Associate Professor of Sociology/Director, Center for Environmental Policy and Management (EFC4)
"People make social structures and institutions do what they do, and therefore people can choose to do something different and contest accepted practice"
Climate change is a problem that impacts every social system across all communities world-wide because it impacts the human capacity to survive. Sociologists are well equipped to inform discussions about climate change because we study everything about social interactions and structures. Without that kind of information, we will fail to fully address the issue of climate change.
As a sociologist who teaches environmental sociology and environmental policy courses, climate change is a topic that gets discussed in every course. Students, and folks in general, often feel overwhelmed by the enormity of the problem. By examining the issue, we begin to unpack the giant set of problematic practices that contribute to climate change and begin to see constructive paths forward. We examine what it is, what the causes are, how it is studied across a variety of perspectives, and what impacts we currently see as a result and what impacts are predicted. We pay close attention to uneven impacts and risks and which areas or population groups are more negatively impacted or bear an unfair amount of risk. I ask my students to explore and specify how local and individually based actions impact larger structures. I also encourage them to understand that those larger seemingly all-powerful structures simultaneously enable and constrain individual action.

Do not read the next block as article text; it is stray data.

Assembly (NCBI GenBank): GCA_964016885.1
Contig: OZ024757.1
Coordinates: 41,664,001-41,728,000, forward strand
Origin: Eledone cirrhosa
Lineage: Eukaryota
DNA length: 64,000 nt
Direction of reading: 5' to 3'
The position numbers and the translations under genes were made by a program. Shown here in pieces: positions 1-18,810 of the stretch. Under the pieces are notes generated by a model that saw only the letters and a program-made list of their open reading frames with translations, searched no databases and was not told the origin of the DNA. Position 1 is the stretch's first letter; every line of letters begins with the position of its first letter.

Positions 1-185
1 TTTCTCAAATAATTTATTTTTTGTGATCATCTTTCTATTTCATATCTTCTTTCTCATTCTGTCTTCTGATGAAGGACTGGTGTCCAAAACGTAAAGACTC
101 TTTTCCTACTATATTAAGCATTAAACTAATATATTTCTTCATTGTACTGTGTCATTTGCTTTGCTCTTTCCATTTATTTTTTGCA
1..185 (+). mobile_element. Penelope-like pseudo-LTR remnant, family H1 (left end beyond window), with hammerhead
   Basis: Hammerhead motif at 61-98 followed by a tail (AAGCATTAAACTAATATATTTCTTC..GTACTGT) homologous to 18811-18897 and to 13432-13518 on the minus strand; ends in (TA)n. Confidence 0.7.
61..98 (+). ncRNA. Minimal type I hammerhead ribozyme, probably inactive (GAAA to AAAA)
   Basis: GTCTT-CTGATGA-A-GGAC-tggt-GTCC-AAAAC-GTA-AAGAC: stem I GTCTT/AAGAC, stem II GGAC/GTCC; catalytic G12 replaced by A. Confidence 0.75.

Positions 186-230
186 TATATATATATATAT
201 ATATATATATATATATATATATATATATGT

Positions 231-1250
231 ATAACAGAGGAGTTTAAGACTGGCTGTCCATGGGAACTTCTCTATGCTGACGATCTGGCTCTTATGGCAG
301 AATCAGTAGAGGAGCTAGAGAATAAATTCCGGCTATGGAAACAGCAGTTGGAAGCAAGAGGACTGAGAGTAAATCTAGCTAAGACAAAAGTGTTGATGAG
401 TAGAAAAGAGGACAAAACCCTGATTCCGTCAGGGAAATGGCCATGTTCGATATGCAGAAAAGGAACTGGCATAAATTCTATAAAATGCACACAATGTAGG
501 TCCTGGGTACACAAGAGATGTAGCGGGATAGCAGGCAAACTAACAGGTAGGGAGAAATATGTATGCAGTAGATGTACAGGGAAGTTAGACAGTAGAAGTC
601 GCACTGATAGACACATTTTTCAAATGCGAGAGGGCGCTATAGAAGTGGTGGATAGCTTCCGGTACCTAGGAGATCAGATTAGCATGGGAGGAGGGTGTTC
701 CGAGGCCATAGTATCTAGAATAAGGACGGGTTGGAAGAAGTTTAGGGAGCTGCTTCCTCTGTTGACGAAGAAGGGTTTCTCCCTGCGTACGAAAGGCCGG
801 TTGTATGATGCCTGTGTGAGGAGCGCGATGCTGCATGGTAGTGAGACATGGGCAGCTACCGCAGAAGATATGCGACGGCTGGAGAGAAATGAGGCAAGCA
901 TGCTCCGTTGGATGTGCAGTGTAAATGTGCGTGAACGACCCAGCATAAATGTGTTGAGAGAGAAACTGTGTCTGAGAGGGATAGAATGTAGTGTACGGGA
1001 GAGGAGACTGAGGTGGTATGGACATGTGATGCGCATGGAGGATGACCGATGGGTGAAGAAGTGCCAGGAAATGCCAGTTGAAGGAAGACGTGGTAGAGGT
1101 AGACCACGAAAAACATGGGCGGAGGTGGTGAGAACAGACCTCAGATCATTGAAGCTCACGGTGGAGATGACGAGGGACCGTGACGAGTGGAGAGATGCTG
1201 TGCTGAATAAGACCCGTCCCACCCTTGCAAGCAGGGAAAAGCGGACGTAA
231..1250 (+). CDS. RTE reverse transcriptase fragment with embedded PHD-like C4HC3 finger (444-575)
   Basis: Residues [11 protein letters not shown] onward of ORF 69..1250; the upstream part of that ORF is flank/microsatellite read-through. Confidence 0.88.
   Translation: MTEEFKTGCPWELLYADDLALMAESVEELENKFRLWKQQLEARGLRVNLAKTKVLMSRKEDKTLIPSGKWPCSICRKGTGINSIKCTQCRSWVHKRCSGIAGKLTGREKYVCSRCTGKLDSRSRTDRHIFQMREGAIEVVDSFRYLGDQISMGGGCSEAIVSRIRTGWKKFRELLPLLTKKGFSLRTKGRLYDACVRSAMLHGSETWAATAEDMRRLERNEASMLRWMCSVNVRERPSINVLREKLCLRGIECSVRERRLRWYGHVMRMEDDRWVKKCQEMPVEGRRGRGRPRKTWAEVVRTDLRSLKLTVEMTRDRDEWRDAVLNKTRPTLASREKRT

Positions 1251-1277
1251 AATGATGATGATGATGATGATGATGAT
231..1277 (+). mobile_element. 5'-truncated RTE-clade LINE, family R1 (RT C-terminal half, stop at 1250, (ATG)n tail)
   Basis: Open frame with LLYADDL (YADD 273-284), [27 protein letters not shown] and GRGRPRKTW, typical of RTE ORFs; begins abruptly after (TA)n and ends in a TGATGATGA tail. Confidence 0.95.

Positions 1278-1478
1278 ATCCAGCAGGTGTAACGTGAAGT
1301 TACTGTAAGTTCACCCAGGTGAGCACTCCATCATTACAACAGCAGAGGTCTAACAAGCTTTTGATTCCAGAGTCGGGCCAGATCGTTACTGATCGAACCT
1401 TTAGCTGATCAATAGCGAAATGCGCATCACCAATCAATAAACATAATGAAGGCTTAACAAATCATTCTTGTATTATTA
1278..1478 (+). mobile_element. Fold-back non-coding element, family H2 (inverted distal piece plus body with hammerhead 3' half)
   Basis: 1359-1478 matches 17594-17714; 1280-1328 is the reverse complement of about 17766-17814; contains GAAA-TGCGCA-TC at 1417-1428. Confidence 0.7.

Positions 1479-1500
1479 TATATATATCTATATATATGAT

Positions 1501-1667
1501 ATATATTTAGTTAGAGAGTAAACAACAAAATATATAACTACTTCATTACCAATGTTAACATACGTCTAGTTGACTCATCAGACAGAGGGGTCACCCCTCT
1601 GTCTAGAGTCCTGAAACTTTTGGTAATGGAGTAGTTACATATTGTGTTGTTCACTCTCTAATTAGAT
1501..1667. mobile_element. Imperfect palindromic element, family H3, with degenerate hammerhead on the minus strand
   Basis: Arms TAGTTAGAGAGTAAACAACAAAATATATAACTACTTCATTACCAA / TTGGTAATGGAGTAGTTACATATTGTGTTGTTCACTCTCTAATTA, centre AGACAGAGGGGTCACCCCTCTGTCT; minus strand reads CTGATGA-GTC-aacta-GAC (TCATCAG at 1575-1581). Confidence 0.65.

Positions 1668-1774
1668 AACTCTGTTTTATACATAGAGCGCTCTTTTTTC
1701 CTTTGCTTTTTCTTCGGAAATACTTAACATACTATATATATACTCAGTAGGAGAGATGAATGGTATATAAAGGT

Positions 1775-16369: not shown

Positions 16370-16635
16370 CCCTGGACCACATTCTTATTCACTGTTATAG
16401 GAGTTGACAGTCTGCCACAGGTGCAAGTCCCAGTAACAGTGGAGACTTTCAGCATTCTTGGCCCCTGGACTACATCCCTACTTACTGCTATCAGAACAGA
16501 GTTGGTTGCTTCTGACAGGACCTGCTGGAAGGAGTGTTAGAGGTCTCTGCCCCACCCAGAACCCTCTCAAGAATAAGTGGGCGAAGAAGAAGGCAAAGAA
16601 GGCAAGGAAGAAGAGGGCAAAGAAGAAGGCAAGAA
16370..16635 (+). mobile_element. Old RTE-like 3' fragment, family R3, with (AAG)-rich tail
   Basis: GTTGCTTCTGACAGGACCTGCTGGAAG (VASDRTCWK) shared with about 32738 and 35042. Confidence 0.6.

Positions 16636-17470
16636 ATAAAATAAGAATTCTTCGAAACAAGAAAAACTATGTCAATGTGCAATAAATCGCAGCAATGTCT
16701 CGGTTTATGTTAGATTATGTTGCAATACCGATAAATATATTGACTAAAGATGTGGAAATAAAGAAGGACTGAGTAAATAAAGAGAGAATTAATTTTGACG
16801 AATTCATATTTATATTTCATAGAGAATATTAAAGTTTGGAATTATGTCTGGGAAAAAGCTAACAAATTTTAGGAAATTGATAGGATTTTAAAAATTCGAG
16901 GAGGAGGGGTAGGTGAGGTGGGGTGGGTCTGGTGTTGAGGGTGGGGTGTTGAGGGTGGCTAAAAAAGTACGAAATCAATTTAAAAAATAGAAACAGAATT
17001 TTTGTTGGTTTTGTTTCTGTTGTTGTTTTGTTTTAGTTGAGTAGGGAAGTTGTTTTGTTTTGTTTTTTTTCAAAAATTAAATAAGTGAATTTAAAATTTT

I constantly tell my students that people make social structures and institutions do what they do, and therefore people can choose to do something different and contest accepted practice. I view climate change like any other incredibly complex, or ‘wicked’ problem that requires transdisciplinary solutions at every level.